3. I’m forced to be braver and to experience hardships on my own.

The downside of always being with each other is that he can become a crutch that I subconsciously rely on. When I’m on my own, I force myself to become stronger and braver.. An example of this is when I had to negotiate for a huge promotion on my own at work. Two issues came up during the process: a political issue that shifted my role and my inability to de-couple my self-worth to my job. I spent long evenings alone rehearsing and practicing very measured reactions and pitches. I did fine on my own but it felt 10x more difficult doing it without Ivan’s support.

4. I have more time to socialize, to reconnect with and meet new people.

I’ve known for the past two years that Los Angeles was always going to be a temporary pit stop in my life. I hadn’t made much of an effort to invest in relationships or friends in the city. And if I’m being honest, I thought the people here had nothing to offer me (which is clearly stupid). Instead, I heavily depended on Ivan for my social needs and it wasn’t ideal. I started to feel like I was living in echo chamber - where I was only conversing with uber-liberals at my tech workplace or I was chatting with Ivan about our long-term travel plans and goals and personal finance and investments. It all started to feel...repetitive. So I wanted to correct this by meeting new people. As I've opened up my social outlets, I realize that there is still a lot I can learn. People still surprise me.

5. I don't have to compromise on things I want.

Selfishly, when Ivan’s not around, I can do all my “secret single life” behavior without judgement or compromise. More specifically, Ivan and I have two very distinctive living styles. In case, Ivan is a “creative” and prefers to be messy with our home (e.g. he throws his dirty socks wherever, waits to wash dishes for days, etc.); for me, I am anal retentive - if things aren’t “in their place” or done immediately (e.g. wash dishes immediately, keep the moisturizer lotion in the same place (Ivan’s note: Lol. That’s very specific) , etc), I tend to lose my shit. So the moment he left, I got to organize my space exactly how I’ve always wanted to. It was a small act of freedom that I enjoyed, perhaps a little too much.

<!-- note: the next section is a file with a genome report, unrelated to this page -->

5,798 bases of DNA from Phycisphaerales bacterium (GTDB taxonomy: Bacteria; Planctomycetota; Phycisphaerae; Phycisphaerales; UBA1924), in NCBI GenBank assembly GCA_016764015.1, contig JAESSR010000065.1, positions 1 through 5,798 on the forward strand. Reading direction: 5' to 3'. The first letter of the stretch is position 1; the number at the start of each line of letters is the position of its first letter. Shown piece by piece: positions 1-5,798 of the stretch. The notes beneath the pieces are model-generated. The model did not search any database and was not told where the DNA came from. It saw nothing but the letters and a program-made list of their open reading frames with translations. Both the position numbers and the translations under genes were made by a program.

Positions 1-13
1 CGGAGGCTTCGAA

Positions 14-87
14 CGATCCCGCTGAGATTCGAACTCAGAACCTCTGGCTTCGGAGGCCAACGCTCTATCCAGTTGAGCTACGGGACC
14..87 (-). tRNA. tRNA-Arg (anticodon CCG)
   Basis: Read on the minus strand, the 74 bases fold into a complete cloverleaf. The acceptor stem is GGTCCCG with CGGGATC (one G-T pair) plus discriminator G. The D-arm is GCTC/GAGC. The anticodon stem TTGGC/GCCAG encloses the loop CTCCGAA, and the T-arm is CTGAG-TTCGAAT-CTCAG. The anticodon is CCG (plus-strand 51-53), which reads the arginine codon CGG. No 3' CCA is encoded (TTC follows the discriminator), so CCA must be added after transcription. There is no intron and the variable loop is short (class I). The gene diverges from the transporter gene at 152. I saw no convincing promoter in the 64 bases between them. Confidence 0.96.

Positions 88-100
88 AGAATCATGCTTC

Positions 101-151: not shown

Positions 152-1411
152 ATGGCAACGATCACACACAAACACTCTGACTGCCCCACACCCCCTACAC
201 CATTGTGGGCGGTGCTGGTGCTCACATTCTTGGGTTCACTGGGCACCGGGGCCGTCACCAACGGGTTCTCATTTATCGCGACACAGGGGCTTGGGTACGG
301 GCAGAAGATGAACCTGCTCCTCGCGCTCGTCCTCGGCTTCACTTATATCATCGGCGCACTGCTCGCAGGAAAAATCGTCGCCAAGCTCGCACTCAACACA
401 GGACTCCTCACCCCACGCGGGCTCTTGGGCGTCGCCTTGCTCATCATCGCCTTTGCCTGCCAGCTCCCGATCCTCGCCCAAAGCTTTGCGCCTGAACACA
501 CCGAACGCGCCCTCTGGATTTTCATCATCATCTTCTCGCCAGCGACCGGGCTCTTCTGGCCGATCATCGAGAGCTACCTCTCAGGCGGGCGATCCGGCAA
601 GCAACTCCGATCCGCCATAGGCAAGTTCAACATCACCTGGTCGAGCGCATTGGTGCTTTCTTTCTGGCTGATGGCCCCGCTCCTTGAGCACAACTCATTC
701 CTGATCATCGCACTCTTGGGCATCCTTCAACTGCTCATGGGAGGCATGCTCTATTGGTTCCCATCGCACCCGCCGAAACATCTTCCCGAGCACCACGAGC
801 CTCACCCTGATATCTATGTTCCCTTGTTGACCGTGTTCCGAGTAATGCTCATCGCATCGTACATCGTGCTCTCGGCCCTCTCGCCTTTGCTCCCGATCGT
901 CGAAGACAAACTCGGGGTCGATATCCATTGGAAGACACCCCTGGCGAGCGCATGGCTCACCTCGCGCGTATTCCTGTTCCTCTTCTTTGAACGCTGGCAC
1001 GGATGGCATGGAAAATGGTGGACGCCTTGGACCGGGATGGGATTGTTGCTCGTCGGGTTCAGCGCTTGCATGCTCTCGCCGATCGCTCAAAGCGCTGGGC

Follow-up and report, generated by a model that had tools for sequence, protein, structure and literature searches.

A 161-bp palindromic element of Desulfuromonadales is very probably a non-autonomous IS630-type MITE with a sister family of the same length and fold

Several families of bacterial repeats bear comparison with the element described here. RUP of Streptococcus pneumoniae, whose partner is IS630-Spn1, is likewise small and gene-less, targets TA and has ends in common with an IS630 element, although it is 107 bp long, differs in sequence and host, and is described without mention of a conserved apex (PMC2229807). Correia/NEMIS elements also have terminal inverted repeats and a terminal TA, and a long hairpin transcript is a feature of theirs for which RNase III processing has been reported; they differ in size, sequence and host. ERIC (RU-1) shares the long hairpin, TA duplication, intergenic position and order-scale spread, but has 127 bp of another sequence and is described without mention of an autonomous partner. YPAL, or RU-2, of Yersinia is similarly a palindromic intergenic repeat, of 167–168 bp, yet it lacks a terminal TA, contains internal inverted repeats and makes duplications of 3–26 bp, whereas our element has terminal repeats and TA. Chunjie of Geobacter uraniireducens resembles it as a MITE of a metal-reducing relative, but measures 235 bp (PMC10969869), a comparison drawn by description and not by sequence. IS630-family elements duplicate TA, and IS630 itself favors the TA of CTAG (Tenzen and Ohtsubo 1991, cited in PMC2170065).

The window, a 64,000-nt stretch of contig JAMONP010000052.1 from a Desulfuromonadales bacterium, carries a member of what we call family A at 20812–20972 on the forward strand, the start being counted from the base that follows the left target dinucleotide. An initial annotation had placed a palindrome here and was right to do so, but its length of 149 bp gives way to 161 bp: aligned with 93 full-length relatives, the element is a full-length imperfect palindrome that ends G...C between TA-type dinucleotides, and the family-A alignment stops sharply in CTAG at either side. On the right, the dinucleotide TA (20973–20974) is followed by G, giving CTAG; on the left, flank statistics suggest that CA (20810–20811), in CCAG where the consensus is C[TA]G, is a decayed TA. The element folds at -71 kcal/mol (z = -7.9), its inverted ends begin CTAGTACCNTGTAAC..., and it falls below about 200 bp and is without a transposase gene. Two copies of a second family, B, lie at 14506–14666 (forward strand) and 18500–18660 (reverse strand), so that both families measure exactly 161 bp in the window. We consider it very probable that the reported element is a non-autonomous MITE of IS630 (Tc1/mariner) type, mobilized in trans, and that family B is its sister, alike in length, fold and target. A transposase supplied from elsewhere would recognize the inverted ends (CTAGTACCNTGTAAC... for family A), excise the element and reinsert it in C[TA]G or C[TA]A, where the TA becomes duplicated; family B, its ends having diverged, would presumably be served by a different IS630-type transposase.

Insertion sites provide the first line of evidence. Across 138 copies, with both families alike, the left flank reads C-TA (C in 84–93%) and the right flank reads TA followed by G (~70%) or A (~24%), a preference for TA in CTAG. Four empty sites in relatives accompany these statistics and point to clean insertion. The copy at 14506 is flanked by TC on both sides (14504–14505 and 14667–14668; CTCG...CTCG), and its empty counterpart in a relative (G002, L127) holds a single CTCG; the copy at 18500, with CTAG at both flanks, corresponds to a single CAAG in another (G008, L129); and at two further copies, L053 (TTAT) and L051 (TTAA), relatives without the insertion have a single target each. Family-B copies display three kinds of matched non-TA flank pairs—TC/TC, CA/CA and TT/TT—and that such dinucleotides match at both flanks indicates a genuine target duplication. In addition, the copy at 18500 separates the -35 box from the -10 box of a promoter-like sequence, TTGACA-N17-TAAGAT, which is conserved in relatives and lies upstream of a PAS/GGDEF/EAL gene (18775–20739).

6. Daily routines with Ivan are embedded deeply into my life.

I’ve come to the realization that a ton of things don’t seem quite right anymore without Ivan around. I guess I first noticed it at bedtime - I noticed that I would subconsciously leave an open space for him on our bed when I go to sleep at night. I only notice this void with things that we typically do together: budgeting, grocery shopping, eating dinner, late night conversations, etc. It just feels like there’s a large gap in my daily routine now without him around.

7. I actually get a chance to miss and appreciate him when he’s away.

One of the best things about doing long distance for six years was having that sense of longing and appreciation for each other. You start to take that for granted when you live together. While he’s away, it’s much easier to reflect on all the ways he’s made my life and our life together better. For example, on really long days at work - when I feel like quitting or screaming into the void, Ivan will go out and get my favorite chips (Chester's Flamin' Hot Fries) and then he patiently listens to me go on a rant about work. It’s something so small but I feel grateful to have him as part of my life to share the ups and downs of this journey.


Time Apart In A Relationship Is Healthy


 
 

Taking time apart in a marriage is really healthy.

And “taking time apart” can manifest in different ways (e.g. a solo weekend adventure, friends night out, solo activities, etc). What’s important is that you take time to focus on yourself - it can help you maintain your individual identity, goals, or dreams; you also get a chance to do the things that you actually like to do. It’s refreshing to be reminded that I am responsible and in control of my own life.

Have you and your partner experienced this sort of situation before?
How do you handle growth and change in your relationship?
What's the longest that you've been apart?


Jennie's Marriage Decision: 5 Reasons Why I Married Him

Jennie here.